“The question is, if someone is going to go to Congress and write tax law, then the voters have a right to know what their interest or their conflict of interest in writing those tax laws would be,” Enyart said. “I don’t agree with a lot of members of my party. He accused me of taking money from people who aren’t releasing their taxes. Well, I don’t have any control of whether they release their taxes or not. But as their congressman, I will release my taxes.”

Asked if the personal attacks were becoming distracting, Plummer said, "How you act as a person often will influence your policies."

"And I'm not going to stand on stage and have somebody say things about me that aren't true," Plummer said.

When quizzed on a similar question, Enyart said the debate "got a little heated.”

“I don’t particularly care for it when Mr. Plummer called me a liar,” he said. “But other than that, it wasn’t much different. And I really don’t think that’s the issue. Tempers flare. So I think what we really need to look at is the issues that we talked about.”

Everything from women’s pay to East St. Louis

There was, of course, more to the debate than personal sparring. 

One panelist asked about the candidates' views on equal pay for women. Enyart said that he supported the Lily Ledbetter Act, which provides women more leeway to sue over pay discrimination.

“When I served as the commander of the Illinois National Guard, a colonel got paid as a colonel; it didn’t matter if it was a he or she,” Enyart said. “My wife served as a circuit judge until she retired in this circuit;  she was the first woman judge elected in this circuit. She got paid as a circuit judge. I think that women who are serving in equal positions to men should be paid equally to men.”

Plummer said the federal government “has regulatory bodies in place that do good jobs of making sure people are treated equitably, that people are treated fairly.”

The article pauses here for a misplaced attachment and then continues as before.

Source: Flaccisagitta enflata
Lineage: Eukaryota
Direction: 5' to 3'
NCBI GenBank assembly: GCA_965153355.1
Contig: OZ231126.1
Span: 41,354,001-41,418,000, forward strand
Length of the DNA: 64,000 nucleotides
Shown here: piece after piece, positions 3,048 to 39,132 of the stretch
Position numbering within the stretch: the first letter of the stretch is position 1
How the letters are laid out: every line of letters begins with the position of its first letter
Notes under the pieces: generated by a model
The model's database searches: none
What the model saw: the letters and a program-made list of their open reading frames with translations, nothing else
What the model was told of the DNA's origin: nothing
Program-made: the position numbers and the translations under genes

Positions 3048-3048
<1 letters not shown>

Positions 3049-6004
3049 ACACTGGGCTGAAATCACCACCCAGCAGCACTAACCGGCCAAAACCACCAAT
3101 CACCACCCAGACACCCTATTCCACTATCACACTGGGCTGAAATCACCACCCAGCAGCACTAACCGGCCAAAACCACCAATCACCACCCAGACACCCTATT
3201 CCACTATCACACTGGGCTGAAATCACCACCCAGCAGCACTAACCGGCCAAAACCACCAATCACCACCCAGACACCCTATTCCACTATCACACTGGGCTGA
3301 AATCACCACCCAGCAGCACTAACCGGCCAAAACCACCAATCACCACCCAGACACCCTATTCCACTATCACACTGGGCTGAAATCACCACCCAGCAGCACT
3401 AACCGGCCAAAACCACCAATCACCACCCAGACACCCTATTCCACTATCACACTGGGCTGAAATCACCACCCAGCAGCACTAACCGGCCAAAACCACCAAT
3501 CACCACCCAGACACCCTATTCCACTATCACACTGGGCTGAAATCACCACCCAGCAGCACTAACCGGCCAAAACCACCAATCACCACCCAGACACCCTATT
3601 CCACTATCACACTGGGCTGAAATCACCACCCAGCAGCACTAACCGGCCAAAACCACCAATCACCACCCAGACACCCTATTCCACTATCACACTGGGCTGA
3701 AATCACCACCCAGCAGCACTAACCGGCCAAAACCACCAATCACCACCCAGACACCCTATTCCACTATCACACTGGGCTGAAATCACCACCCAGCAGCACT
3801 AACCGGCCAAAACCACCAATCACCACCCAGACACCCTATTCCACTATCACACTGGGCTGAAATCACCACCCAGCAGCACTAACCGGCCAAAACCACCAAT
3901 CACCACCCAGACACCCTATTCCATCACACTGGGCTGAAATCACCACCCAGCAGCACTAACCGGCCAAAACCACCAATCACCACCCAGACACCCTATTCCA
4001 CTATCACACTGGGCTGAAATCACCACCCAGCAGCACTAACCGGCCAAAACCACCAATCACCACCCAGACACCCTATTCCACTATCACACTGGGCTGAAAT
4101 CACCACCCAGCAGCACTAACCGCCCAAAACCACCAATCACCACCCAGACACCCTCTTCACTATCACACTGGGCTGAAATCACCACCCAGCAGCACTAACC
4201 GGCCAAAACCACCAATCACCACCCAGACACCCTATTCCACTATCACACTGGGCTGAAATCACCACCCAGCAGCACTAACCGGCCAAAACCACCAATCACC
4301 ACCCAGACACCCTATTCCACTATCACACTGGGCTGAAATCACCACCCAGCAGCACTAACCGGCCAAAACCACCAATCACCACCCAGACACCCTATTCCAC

“When situations like that arise, it is something that has to be addressed,” Plummer said. “I can’t speak for every job function out there, but I’ve actually studied the statistic quite a bit as a person with two older sisters out there in the workforce providing for their children. And if you look at what’s happened now, a lot of people have been hit hard. And it’s not fair to a lot of people.”

He added the statistic that “rings true to him” isn’t a statistic cited by the questioner that women make 65 percent as much as men, but how many women lost their jobs after President Barack Obama came to office.

“You want to talk about women losing opportunity?” Plummer said. “You want to talk about women not making money? You want to talk about a war on women, how come they’re bearing the brunt of what’s happened over the last four years?”

The candidates were also asked about how to revitalize East St. Louis, one of the Metro East cities included in the 12th District. Plummer said that what is necessary are improving economic conditions throughout the region, while Enyart advocated improving the city's infrastructure and spurring business creation to reduce the town's high property taxes.

The two also revisited their disagreements on tax policies. Plummer once again advocated eliminating tax deductions and exemptions, while Enyart called for wealthier Americans to “pay their fair share.”

Miss Congeniality?

One rare moment of agreement between Enyart and Plummer: Both had complimentary things to say about Green Party rival Bradshaw, a Carbondale nurse who’s participated in all three debates.

Some in the packed auditorium at Lindenwood also cheered  when Bradshaw called for reduced military spending and an end to American foreign conflicts. While the two major-party candidates previously expressed support for the region’s coal industry, Bradshaw instead called for more investments into renewable energy.

Bradshaw’s place in the race could do more than provide a different perspective: She could take away votes from Enyart and swing the election to Plummer. Rich Whitney, Bradshaw’s husband, performed well when he ran for governor as the Green Party candidate in 2006 and reaped a large amount of votes in the Carbondale area.

But after the debate, Bradshaw dismissed that idea that she was a spoiler. She noted that after the last debate was aired on C-SPAN, she got supportive messages from adherents of U.S. Rep. Ron Paul, the Texas Republican with a big nationwide following.

“I don’t think this is feudalism,” Bradshaw said. “I don’t think the Democratic or Republican parties own the people. As I noted in my closing, 50 percent of people in this country refuse to vote at all. They don’t like either one of them.”

“If all those people voted for me, I would win hands down,” she added.

Jason is the politics correspondent for St. Louis Public Radio.